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BUILD | TOOLS // GAME AUDIO


Inside the System


23 years after the original release, Miles Sound System has entered its tenth iteration. Will Freeman talks to the developer shaping the future of this icon of game middleware about what the latest version has in store for developers


Miles Sound System principal developer Dan Thompson (above) says the latest version (main) focuses on the sound designer as a valid consumer, as well as the traditional sound engineer


MILES SOUND SYSTEM is something of a founding father of the concept of middleware. While RenderWare’s 1997 release arguably established the contemporary middleware concept proper, audio tool Miles Sound System has been available in various forms since 1991. Over the years it’s been used in many thousands of games, straddling several console generations and helping shape the way many of today’s most prolific game audio specialists practice their craft. Formerly known as Audio Interface Library, and welcomed to the RAD Game Tools stable back in 1995, edition ten has just been released, taking the tool as much into the realm of the sound designer as that of the sound engineer.


As such, the tenth edition is something of a milestone for both Rad and the concept of middleware. So what better technology to place under the watchful eye of Develop’s tools microscope? We caught up with Dan Thompson, the man at the reigns of this icon of game sound design and engineering.


66 | AUGUST 2014


The Miles Sound System 10 was


designed to provide more tools for controlling what gets heard. Dan Thompson, RAD Game Tools


Firstly could you tell us a little about your role on Miles Sound System today, and your history working on the middleware? I am the principal developer on the Miles Sound System these days. I was hired to design and develop the high-level toolset that new games and sound designers demand.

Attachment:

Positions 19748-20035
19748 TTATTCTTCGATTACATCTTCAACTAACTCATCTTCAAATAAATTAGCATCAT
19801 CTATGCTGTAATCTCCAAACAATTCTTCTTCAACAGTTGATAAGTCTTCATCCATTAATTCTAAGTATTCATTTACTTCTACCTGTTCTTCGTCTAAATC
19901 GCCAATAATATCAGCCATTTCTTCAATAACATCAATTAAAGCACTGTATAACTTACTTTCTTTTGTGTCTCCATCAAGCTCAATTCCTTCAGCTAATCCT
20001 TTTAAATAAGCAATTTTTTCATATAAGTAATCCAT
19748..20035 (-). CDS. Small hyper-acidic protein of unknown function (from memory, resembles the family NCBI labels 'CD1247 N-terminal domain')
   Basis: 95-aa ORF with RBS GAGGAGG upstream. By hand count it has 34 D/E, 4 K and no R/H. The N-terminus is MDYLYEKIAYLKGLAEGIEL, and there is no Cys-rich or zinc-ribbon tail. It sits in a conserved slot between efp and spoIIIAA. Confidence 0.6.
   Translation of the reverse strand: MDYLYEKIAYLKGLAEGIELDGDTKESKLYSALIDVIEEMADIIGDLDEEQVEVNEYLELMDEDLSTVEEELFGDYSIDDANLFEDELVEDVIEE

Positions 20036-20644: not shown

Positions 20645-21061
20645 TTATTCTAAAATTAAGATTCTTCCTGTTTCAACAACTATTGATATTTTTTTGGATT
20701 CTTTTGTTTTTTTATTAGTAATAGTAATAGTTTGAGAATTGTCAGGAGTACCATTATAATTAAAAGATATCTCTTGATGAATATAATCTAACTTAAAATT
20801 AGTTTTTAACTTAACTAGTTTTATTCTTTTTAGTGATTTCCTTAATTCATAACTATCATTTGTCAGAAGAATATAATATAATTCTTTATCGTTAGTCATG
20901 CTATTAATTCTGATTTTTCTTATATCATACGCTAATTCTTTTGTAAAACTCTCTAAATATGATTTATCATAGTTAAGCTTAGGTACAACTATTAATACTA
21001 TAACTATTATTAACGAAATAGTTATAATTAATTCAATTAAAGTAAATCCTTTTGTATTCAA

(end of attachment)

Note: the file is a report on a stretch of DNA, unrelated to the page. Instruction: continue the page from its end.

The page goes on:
Before we get into the finer details, is there a general or broad theme in terms of the direction you’ve taken with Miles Sound System 10? Perhaps there was a specific mantra or ethos to the way you’ve advanced the middleware?


Miles has historically been targeted towards the engineer, and in Miles 10, I wanted to


really focus on the sound designer as a valid consumer. To this end I’ve really iterated on the UI, and focused on representing concepts in a manner familiar to people other than programmers. This is also reflected in somewhat of a shift in philosophy with Miles, as it has historically been very much a middleware where we provide you a set of tools and leave many high-level concepts for you to implement in your own unique way. With a strong, high-level toolset many common concepts are now ready to go ‘out of the box’.


And how do those changes reflect current trends in game audio? I presume you’ve had to consider future-proofing Miles Sound System 10 with regard to those emerging trends? The demands on sound designers in games have been increasing and will continue to increase. A strong high-level toolset that puts as much of the power as possible in the designer’s hands will increase efficiency during production, allowing for higher quality soundscapes. In addition, as games


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